It will be interesting to see how the journaling project works in August. By then, I’m pretty sure I’ll have figured out the ins and outs for my own way of using it. Already, I know that a right facing arrow doesn’t cut it for me when I need to show something isn’t complete. For that, I’m using a circle inside the check box. I figure I’ll add collections to it in a few weeks as I start to amass different book titles and pieces of clothing for Project 333. Who knows . . . maybe I’ll even get cocky and make a collection for all of my unfinished knitting projects. If Bullet Journaling has taught me one thing, it’s that if I put it down on paper, I’ll get it done that day. And that’s an easy win for me.

PS – If you’re new to the blog, the titles are titles of songs. Nine times out of ten, it has nothing to do with the topic or post. Nothing.

Knocking On Mine

Posted on June 22, 2014

Knitting was not something that I wanted to like. I took my first class because I didn’t want my friend to be by herself, and I fought with the needles every single second the first few times I was there. But I persevered and created a most hideous scarf. Later, I made a “charming” sweater for a bear out of kitchen cotton, and then I set the needles aside for a few years and forgot how to purl. But one thing led to another, and soon knitting became kind of an obsession. Had you asked me after that first ugly scarf (and truly, I can’t impress the ugliness enough) if I would ever make a sweater for a person that involved fit and patterns and decorative cuffs and crap, I probably would have laughed hysterically, and that’s what happens when you get obsessed with something. You begin small and then move onto something much larger, usually something that you have no business trying.

The leaf detail is repeated on the cuffs

The leaf detail is repeated on the cuffs

So Sprig from Botanical Knits, Vol. 2? It’s not that it was too complex for me to take on. On the contrary . . . I’ve knit patterns with far more complexity. But it was challenging in regards to time and construction. With time, I had a deadline that I kinda, sorta met. My friend, Joann, who also happens to own my local yarn shop, asked some of us to knit samples for her for the book’s trunk show (seems that the publishing company could get her a trunk show of samples but only eight months after the book is released . . . marketing synergy!) by mid-June. I missed the deadline by five days, which doesn’t sound like much, but I was disappointed that I couldn’t get my crap together and have it done by June 15. But the construction of the garment was the real kicker. For the first several rows, I really didn’t “get” how it would come together, but eventually, it started to make sense. You cast on like normal, but instead of joining in the round the way one would normally do for a raglan sweater, you knit back and forth for about twenty rows, increasing one side slightly more than the other. Doing so gives one side an ’80s vibe with a lower shoulder, but the real beauty starts to take shape with the bind off for the sleeves. There’s a pretty leaf detail (probably why it’s called Sprig) that’s repeated on the shoulders that comes with an i-cord edge. The only mod that I’ll be making is to redo the cuffs with slightly longer sleeves when I get the sweater back from Joann. Because I was five days late and redoing the sleeves before I took it in for display wasn’t in the cards.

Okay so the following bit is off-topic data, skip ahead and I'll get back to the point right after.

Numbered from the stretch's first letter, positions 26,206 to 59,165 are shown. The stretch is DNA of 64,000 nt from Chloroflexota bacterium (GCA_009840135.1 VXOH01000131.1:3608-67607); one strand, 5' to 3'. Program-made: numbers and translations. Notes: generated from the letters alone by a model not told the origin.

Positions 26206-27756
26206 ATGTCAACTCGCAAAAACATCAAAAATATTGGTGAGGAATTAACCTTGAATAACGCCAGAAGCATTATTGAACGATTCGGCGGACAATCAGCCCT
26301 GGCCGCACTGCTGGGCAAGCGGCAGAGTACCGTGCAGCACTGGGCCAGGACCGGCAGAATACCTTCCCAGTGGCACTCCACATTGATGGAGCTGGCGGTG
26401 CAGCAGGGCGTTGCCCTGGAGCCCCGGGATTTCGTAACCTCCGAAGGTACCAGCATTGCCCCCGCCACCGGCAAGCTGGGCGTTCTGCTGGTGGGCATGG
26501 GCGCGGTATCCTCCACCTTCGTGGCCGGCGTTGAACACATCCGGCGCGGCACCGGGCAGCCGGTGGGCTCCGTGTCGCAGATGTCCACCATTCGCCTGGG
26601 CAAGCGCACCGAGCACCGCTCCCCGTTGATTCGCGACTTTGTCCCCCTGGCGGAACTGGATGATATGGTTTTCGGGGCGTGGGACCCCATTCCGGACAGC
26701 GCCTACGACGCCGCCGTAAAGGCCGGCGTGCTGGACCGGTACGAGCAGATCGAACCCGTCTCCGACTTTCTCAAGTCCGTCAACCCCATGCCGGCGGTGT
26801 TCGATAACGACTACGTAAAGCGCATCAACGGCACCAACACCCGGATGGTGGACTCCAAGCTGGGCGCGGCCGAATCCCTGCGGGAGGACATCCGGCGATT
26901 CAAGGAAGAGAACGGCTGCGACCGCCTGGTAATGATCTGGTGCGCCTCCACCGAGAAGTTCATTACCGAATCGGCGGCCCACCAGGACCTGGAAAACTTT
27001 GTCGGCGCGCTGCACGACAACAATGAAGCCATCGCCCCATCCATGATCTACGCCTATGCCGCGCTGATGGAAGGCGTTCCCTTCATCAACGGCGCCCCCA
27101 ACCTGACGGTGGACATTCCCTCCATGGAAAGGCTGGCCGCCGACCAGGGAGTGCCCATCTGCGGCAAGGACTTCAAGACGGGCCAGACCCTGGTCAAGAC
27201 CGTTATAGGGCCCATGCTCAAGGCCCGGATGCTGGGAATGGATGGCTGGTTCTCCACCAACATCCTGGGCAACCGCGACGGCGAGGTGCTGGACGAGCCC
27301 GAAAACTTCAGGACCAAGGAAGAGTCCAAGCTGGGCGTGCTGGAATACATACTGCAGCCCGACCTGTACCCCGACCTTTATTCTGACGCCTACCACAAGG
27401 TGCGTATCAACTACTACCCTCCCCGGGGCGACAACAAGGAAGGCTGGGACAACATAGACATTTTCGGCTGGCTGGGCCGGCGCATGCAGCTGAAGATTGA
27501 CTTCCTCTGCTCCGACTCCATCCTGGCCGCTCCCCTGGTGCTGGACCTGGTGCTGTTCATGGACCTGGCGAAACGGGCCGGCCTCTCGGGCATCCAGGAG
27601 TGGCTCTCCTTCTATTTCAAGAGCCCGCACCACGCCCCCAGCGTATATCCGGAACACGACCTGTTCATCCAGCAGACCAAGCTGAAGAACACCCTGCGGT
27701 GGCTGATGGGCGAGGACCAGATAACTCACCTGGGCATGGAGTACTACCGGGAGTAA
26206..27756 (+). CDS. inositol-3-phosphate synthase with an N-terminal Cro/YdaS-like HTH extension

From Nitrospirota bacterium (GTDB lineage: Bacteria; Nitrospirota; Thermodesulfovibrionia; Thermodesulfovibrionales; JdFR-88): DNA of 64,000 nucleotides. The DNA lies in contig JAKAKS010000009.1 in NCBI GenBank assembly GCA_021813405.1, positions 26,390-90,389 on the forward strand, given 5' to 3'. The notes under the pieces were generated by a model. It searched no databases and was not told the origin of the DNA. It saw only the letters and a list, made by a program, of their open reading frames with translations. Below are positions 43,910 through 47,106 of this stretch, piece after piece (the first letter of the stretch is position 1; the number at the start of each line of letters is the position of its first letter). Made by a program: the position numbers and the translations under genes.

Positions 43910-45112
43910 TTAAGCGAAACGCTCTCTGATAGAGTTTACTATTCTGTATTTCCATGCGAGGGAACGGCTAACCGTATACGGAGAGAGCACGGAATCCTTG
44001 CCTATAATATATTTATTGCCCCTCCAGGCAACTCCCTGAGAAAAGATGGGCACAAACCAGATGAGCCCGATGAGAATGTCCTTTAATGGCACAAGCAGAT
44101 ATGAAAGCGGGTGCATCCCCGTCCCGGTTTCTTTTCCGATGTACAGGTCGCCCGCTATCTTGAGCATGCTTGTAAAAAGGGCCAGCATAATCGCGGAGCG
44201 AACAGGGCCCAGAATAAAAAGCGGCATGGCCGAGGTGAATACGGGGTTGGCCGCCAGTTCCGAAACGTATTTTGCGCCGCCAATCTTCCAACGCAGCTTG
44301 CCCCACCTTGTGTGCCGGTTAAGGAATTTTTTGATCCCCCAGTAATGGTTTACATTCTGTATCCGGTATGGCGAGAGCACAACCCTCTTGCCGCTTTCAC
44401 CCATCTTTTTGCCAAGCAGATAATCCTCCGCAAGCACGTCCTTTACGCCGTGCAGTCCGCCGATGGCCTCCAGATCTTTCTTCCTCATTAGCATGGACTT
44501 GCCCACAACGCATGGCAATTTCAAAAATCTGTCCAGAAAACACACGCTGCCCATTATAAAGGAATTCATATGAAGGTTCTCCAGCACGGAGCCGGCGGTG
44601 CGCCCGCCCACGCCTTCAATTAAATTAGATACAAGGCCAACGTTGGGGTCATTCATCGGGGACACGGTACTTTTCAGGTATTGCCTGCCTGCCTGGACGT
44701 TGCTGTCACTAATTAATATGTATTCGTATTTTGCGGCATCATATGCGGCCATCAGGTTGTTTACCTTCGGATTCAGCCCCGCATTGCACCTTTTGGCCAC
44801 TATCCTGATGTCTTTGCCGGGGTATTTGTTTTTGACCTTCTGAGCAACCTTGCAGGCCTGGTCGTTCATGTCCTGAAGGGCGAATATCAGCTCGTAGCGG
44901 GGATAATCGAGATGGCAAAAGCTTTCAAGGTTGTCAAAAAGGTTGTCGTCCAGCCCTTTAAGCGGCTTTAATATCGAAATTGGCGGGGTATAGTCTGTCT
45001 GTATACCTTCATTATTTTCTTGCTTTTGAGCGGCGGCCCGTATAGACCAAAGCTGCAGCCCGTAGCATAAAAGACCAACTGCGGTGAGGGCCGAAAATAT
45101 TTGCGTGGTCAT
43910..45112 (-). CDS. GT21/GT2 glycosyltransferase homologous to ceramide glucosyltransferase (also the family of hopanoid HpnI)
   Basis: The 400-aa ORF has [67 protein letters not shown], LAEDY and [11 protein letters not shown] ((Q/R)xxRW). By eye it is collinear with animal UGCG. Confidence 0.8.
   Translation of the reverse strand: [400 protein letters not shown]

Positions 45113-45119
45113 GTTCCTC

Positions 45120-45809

It was too hot to wear a 100% wool sweater.

It was too hot to wear a 100% wool sweater.

Pattern: Sprig from Botanical Knits 2

Needles: Knit Picks US 6

Yarn: Cascade 200 in Cedar Green

Modifications: None, but I do plan on redoing the sleeves to make them longer; right now they are a little less than 3/4 length, and I think I want them to the middle of my forearm.

PS – Happy birthday to my younger sister, Erika! I’m thinking that we’ll have to celebrate when I’m in Ohio right smack between her birthday and my youngest sister, Bridget.

Monument

Posted on June 19, 2014

Ahhh, summer! To tell you the truth, I’m not a huge fan. Part of it is the heat, but a bigger part is the unstructured nature of it. I don’t do well without structure. My summer alarm clock? About an hour later than my school year one, which is 4:50 AM. Yes . . . in summer, I give myself a whole extra hour of sleep. Each summer, I bring home books to read, books I swear will help the following year. And each fall, I schlep them back to my classroom having given them an exquisite taste of what life is like on outside of school.

Getting myself organized, one list at a time

Getting myself organized, one list at a time

Yet each summer, I vow to be better with the organization. Nothing, however, seems to work for me. Enter Pinterest, that giant time-suck-with-the-occasional-good-idea-thrown-in-to-keep-you-coming-back. My friend, Michelle, posted a link about Bullet Journaling, and while I didn’t really get the concept based on the link she had, I did find one on that page that clicked. Bullet Journaling seems simple and straight forward. I liked the concept. I liked the “marriage” between analog and digital (via my Evernote Moleskin). I liked the idea of getting a new pen. Basically, I liked it all the way around. So today, on the first full day of summer vacation, I started my bullet journal. I’m hoping it’s what I’ve been looking for, but so far, so good. Granted, it’s been a whopping 16 hours, but I’m willing to go for it this summer.